We decided to percutaneously intervene (PCI) on the proximal SVG-to-LAD lesion. Using 6F AL1 guide, sion blue wire crossed the lesion easily and the lesion was pre-dilated with 3x15 mm non-compliant balloon keeping in view the calcific nature of the stenosis. Two Ultimate drug eluting stents (DES) 4x33 mm and 4x15 mm were deployed to cover the lesion up to the ostium of the vein graft. Both were post-dilated with 4.5x12 and then 5x12 mm NC at 20 atmospheres. The final angiogram showed some residual under-expansion due to heavily calcific disease but otherwise excellent result (Figures 4-6). Transradial band was applied over the left wrist. The ulnar artery was patent by palpation at 1- and 7-day follow up.
To the best of our knowledge, this is a unique case illustrating left trans-ulnar vein graft PCI in an octogenarian in the context of an ACS. The majority of trans-ulnar cardiac catheterizations are diagnostic in nature and data is limited to only around 2,500 [1,2] since Terashima et al.  first published their experience on nine patients more than a decade ago . Only a limited number of PCIs are being performed via the ulnar artery, mostly for failed trans-radial access.
This includes failed radial artery puncture, radial artery loops and curvatures, radial spasm or hypoplastic radial artery. Other indication for performing a trans-ulnar cardiac catheterization includes patients undergoing bypass surgery with use of radial artery grafts. By far, it is still not a default route even for advanced radial operators. Current ACC/AHA/ESC/SCAI guidelines (2011) do not even mention the potential use of ulnar access for cardiac catheterization and coronary interventions.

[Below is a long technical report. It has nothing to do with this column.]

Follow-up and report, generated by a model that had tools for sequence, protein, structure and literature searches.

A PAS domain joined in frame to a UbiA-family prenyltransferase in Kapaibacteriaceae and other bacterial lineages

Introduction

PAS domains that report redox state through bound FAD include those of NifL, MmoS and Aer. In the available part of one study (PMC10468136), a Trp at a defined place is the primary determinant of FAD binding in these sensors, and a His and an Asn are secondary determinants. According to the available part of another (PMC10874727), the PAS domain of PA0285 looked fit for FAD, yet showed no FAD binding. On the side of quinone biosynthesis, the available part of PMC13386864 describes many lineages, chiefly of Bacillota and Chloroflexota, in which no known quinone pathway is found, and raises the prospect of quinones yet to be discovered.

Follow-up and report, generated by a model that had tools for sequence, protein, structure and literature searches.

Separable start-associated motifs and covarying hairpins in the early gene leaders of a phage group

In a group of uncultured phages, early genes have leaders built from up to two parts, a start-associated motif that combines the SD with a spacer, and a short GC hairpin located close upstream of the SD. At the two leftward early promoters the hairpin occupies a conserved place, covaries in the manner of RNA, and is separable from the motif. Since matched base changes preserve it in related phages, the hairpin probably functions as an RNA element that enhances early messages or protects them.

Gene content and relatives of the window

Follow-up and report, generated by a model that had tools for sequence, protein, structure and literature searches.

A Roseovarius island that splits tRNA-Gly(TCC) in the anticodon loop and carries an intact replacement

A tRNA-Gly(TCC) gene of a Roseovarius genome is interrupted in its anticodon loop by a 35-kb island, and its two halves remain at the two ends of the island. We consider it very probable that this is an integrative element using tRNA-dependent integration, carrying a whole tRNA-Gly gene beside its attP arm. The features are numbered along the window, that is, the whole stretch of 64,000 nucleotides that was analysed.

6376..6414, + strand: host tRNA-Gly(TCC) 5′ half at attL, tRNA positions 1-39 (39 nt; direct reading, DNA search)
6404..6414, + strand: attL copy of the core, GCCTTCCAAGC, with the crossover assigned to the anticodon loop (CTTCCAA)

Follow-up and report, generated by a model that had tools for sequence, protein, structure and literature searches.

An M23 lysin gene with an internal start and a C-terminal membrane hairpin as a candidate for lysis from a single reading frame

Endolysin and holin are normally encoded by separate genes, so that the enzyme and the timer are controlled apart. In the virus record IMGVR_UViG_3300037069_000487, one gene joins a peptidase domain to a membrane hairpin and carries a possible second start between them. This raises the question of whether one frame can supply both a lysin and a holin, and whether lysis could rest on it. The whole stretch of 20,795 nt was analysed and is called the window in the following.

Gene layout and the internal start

*The ulnar artery can be used as an alternative access for vein graft PCI in patients not suitable for trans-femoral and trans-radial approaches. Age and clinical presentation should not hinder the procedure in appropriately selected patients. It would be appropriate to establish a registry on all transulnar PCIs so that all procedures are appropriately audited and outcomes measured.
- Sattur S, Singh M, Kaluski E (2014) Transulnar access for Coronary angiography and Percutaneous Coronary Interventions. J Invasive Cardiol 26(8): 404-408.
- Gokhroo R, Bisht D, Padmanabhan D, Gupta S, Kishor K, al (2015) Feasibility of ulnar artery catheterization: Ajmer Ulnar Artery (AJULAR) catheterization study. Catheter Cardiovasc Interv 86(1): 42- 48.
- Terashima M, Meguro T, Takeda H, Endoh N, Ito Y, et al. (2001) percutaneous ulnar artery approach for coronary angiography: a preliminary report in nine patients. Catheter Cardiovasc Interv 53(3): 410-414.